Updated: September 21, 2017 6:34:23 am
Deen Dayal Upadhyaya’s centenary celebrations and the naming of some schemes after him aroused reactions among opposition parties and intellectuals who have alleged that he is being imposed as a national icon. Upadhyaya was a Bharatiya Jan Sangh (BJS) leader who enjoyed the confidence of the RSS and has been held in esteem for his idealism. In a rare gesture, the second sarsanghchalak of the RSS, M.S. Golwalkar, described him as “100 per cent swyamsevak”. His perspective and thought have become foundational to the socio-economic philosophy of the sangh parivar and Narendra Modi’s pro-poor commitment has the obvious imprint of Upadhyaya’s life and mission. Upadhyaya, however, played a larger role in India’s thought process and political life.
His impact on contemporary political actors can be gauged by his acceptance as an original thinker who transcended party affiliation: Veteran Congressman and a former chief minister of Uttar Pradesh, Sampoornanand, wrote the preface of Upadhyaya’s Political Dairy, which contains social, cultural and political insights. He described Upadhyaya as “one of the most notable political leaders of our time, a man devoted to the good of his country, a person of unimpeachable character, a leader whose weighty words swayed thousands of educated men” and considered Political Dairy essential reading for future political workers.
Is it not a tragedy that the spirit of political socialisation and mutual admiration, which was visible in the 1950s and ’60s, has increasingly eroded? The Nehruvian-left intellectual stream, deluded by its hegemonic status, denied space to diverse thoughts and icons. Our historiography attributed divinity to certain figures and disproportionately glorified their role. Any new inclusion in this pantheon is considered a diminution of Gandhi and Nehru. Research has led to the emergence of many grass-roots women warriors and martyrs from the freedom movement. One of them is Uda Devi. Would the celebration of a Dalit woman patriot be considered a deliberate reduction of Rani Laxmi Bai’s status and role?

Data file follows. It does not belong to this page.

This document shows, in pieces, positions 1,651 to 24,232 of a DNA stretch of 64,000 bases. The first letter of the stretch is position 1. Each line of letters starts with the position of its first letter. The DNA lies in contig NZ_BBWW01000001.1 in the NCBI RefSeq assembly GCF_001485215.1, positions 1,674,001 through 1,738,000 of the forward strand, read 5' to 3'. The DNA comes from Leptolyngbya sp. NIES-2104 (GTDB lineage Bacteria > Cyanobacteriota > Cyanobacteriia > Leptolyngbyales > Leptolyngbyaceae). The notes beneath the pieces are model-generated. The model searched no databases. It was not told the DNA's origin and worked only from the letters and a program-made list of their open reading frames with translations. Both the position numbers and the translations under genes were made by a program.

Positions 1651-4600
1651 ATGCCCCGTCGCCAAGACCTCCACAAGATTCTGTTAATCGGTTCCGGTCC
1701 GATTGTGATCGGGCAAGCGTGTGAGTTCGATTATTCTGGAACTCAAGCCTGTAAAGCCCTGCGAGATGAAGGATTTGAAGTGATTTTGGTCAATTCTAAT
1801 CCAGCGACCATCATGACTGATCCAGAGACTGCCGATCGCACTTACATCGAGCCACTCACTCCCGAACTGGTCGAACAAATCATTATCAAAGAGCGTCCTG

Greatness in public life is not measured merely by political success but also by contributions to the advancement of human values, which make democracy virtuous. Indian politics witnessed two contradictory events in the early 1950s. The Congress Working Committee delegated the final say on the selection of more than 4,000 candidates for elections to the Lok Sabha and state assemblies to Jawaharlal Nehru in 1952. That a party with scores of visionaries and leaders felt crippled to contest Nehru’s hegemony shows that its culture of political grooming was weak.
While the Congress inaugurated a personality cult, Upadhyaya demolished this trait before it could take root in the BJS and eventually expelled the party president, Mauli Chandra Sharma, and another veteran leader, Vasant Rao Oak. This tradition can be seen in the symbiotic autonomy of the BJP’s parliamentary party and party organisation. In a democracy, an experiment within a party becomes part of the larger political culture. The Congress and BJP represent two distinct political cultures. While the Congress vice president, Rahul Gandhi, justifies dynastic politics, Modi’s obvious displeasure at the micro-dynasties which infected his party was witnessed during the last election.
Upadhyaya’s idealism is more relevant in contemporary India than in his time. In 1963, by-elections were held in four Lok Sabha seats and became a war of prestige between the Congress and the Opposition. Opposition stalwarts, socialists Ram Manohar Lohia (Farrukaabad) and J.B. Kripalani (Amroha), Swatantra Party’s Minoo Masani (Surat) and Upadhyaya (Jaunpur) were in the fray.
Upadhyaya’s victory was considered a forgone conclusion for two reasons: The vacancy occurred due to the death of the sitting BJS MP and caste equations in the constituency were assumed to be in his favour. For Upadhyaya politics was a mission, not a profession. He spoke against caste polarisation and identity-based voting, which led the conservatives to ensure his defeat. However, for him, it was a “victory of the BJS”. He advised parties, “not to sacrifice principles for quick gains” and people to do their duty while exercising their franchise “in a judicious and intelligent manner” to correct the distorted perspective of political parties.